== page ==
Read more: Growing numbers of renters are trapped for years in homes they can't afford

Prejudice and discrimination against tenants perceived to pose a greater risk to landlords’ investments make access even more difficult.

Low-income households in the private rental market also face insecure tenure. “No-grounds terminations” are permitted in all states and territories except Tasmania and, from July 1 2020, Victoria (except at the end of the first fixed term).

Under “no grounds” termination, landlords can evict tenants for no stated reason at the end of a fixed-term lease and at any time on a periodic lease. Fear of retaliatory eviction makes it less likely tenants will assert their legal rights.

Read more: An open letter on rental housing reform

Employment as a pathway

Even if private rental access and affordability were certain, many social housing tenants are not in a position to undertake employment. In 2017–18, about 398,900 households were in social housing in Australia. Many of them relied on the disability support pension (21%) or the age pension (19%) as their main source of income.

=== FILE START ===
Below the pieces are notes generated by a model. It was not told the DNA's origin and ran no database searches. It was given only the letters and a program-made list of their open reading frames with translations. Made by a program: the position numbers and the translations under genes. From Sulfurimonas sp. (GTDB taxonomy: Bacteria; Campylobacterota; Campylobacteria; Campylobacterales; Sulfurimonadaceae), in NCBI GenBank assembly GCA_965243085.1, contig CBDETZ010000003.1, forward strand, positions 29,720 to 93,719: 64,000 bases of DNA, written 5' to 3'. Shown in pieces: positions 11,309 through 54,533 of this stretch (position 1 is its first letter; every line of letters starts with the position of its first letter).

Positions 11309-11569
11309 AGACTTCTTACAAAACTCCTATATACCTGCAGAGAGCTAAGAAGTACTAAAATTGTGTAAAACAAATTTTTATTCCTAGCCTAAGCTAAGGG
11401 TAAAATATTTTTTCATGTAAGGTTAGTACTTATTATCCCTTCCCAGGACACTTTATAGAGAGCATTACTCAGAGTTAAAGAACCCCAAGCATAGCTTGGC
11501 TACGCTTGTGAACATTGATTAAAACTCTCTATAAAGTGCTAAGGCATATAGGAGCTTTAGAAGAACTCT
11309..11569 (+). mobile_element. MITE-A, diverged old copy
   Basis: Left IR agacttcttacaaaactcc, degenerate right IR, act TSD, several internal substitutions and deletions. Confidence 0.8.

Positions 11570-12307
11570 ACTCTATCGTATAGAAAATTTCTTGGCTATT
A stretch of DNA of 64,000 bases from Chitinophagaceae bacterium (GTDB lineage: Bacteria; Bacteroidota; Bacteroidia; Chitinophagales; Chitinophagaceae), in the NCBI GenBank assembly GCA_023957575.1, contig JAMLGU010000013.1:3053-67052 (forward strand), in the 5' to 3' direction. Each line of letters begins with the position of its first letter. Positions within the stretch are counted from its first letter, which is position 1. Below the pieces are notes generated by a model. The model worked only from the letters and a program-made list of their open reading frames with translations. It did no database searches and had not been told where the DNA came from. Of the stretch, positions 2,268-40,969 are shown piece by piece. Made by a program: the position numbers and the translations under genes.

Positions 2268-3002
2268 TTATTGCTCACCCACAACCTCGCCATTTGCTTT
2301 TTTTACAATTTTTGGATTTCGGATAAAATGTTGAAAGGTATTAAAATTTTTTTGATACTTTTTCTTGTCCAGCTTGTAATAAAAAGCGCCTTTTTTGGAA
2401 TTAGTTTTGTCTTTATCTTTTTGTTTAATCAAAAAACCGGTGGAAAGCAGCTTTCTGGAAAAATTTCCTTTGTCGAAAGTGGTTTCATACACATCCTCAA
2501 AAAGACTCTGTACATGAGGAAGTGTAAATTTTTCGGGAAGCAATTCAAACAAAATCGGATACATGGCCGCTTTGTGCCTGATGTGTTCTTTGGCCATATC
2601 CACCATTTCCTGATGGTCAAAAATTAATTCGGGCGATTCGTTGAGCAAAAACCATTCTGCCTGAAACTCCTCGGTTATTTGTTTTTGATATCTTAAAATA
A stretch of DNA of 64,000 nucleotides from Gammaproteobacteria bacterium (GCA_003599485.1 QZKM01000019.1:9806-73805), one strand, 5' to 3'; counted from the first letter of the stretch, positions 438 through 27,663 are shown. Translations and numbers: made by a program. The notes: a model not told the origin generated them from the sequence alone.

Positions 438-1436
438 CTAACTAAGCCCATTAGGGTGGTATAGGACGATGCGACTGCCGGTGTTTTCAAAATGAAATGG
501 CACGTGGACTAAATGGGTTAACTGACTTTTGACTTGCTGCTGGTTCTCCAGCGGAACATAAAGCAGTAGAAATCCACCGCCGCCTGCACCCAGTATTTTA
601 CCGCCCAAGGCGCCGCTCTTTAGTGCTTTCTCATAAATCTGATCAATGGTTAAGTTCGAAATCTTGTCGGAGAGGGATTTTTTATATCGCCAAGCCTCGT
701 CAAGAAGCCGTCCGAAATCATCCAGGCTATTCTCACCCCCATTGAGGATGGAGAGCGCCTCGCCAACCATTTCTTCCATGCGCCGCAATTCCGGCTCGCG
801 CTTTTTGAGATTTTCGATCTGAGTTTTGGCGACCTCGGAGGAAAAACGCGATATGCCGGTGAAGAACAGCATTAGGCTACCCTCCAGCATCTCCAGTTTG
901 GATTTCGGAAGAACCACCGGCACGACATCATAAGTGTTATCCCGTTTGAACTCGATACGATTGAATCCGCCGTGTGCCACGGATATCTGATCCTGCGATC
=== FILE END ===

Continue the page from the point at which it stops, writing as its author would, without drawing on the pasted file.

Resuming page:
Long-standing targeting of social housing to greatest need means tenants are disproportionately likely to have low educational qualifications and limited marketable skills. They face considerable employment challenges, not the least of which is stigmatisation.

It is also worth considering what “employment” realistically looks like for social housing tenants seeking to enter or re-enter the workforce. It’s likely to be as casualised labour in the gig economy.

As social policy researchers Greg Marston and Catherine McDonald have argued, we cannot assume exiting welfare for the labour market leads automatically to social and economic security. Precarious, intermittent, low-wage employment does not offer a sound basis for sustaining a private tenancy.

Of course, social housing tenants should be supported to find work and to move out of social housing if they want to. But the evidence would suggest tenant choice is not the motivation here. Rather than creating “pathways” as a way of managing social housing waiting lists, governments would have greater impact on the housing crisis if they invested much more in social housing.

Between 2011 and 2016, government spending on social housing decreased 7%, from A$1.42 billion to A$1.32 billion. This has contributed to a backlog of 433,000 dwellings in Australia’s social housing supply. That’s predicted to grow to a shortage of 727,000 dwellings by 2036.

Read more: Australia needs to triple its social housing by 2036. This is the best way to do it

In addition to providing more social and affordable housing, governments must act on the systemic problems in the private rental market. This includes developing nationally consistent tenancy legislation to provide more protection for tenants, including against no-grounds evictions, and providing the resources to properly enforce such laws.